Canada’s housing market cooled during the first half of 2019 after rising interest rates and mortgage stress tests took their toll, according to the Canadian Mortgage and Housing Corporation (CMHC).
Home sales financed through Canadian banks – which account for 75% of the market – slid to $60.3 billion for the first six months of the year from $64.9 billion in 2018, CMHC said on Wednesday. Same-bank mortgage renewals dropped to $86.2 billion during the first half of the year from $94.7 billion last year, while same-bank refinancing fell to $30.1 billion from $35.3 billion, CMHC reported.
“We believe the market is not growing as fast,” Carlos Mandujano, CMHC’s senior analyst, told Financial Post. “We’ve seen the stress tests impacting volumes, and there’s been an increase in interest rates, which is also impacting the number of households that are receiving mortgages.”
CMHC also found that financial stability is improving nationally due to low levels of default combined with the mortgage market’s slow growth. The stress tests have decreased the likelihood of mortgage defaults, as loans are harder to get in the first place, Mandujano said.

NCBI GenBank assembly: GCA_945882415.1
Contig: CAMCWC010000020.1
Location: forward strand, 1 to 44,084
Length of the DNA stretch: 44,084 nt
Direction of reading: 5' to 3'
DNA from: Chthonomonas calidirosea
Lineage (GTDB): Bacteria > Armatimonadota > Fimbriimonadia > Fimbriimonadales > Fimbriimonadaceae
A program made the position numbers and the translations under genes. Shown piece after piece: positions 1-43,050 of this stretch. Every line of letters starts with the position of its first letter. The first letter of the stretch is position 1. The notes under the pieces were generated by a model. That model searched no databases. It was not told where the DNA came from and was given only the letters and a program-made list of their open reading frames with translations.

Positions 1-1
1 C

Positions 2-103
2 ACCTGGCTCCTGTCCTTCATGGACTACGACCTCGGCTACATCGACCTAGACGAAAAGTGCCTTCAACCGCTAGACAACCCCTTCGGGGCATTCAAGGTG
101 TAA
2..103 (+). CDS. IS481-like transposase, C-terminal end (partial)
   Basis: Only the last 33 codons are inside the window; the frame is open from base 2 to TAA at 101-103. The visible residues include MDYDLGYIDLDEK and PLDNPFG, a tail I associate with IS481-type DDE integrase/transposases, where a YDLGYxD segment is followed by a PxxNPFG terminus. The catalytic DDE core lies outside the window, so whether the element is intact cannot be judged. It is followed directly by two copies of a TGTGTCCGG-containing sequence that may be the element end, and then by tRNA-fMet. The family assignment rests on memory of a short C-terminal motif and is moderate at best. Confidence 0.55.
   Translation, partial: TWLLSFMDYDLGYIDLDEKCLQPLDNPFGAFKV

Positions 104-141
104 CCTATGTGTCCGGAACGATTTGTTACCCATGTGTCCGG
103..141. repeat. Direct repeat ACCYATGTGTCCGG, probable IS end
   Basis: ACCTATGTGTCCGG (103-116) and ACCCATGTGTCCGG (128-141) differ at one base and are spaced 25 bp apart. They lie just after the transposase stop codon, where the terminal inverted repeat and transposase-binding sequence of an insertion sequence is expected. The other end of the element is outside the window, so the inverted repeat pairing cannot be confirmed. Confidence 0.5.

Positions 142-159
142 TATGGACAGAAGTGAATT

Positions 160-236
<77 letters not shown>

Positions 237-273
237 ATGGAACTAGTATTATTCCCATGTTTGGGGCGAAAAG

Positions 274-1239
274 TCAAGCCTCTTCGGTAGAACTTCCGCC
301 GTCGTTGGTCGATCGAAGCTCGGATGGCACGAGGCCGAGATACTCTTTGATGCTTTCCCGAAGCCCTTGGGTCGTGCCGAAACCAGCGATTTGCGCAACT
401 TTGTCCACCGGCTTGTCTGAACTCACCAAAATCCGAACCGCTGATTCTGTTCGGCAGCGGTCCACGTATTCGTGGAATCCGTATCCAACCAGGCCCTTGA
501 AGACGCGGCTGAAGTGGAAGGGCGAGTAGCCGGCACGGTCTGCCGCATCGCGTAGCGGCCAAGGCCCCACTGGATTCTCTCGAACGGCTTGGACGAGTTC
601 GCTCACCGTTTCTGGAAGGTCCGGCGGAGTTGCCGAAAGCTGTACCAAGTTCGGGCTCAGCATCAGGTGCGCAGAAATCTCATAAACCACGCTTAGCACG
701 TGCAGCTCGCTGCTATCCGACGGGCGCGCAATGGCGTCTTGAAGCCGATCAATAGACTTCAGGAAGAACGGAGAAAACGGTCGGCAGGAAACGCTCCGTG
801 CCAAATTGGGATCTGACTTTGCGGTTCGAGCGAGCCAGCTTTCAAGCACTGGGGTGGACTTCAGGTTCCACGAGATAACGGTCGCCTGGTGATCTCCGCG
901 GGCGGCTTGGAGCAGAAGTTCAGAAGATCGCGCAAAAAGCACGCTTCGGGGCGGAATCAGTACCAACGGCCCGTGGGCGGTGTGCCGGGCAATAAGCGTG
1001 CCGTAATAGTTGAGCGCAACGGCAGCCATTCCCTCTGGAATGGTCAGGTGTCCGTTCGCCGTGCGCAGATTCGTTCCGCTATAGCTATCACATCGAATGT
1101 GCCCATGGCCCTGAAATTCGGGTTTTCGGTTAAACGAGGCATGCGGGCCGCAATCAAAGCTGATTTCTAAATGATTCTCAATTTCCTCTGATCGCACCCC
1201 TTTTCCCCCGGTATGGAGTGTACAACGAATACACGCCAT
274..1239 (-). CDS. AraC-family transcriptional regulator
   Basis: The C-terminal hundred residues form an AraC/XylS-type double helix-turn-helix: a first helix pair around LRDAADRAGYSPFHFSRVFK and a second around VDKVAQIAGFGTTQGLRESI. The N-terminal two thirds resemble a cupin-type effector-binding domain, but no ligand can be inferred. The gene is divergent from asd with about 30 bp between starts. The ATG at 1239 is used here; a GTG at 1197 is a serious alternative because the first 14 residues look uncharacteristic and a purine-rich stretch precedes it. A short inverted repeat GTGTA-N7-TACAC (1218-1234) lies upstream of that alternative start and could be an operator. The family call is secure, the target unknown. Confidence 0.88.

CMHC said that while just 1% of the home-buying market secures loan from mortgage investment corporations (MICs) and private lenders, the higher stress tests may be driving interest in that route among riskier buyers. The corporations have increased lending by about 10% to $13 billion, while the rest of the mortgage sector has risen by just 2%.
Meanwhile, 14% of mortgages were acquired through credit unions and 6% through mortgage finance companies.
Delinquency rates at MICs and private lenders were highest at 1.92%, compared to 0.23% for the big banks and 0.16% for credit unions.
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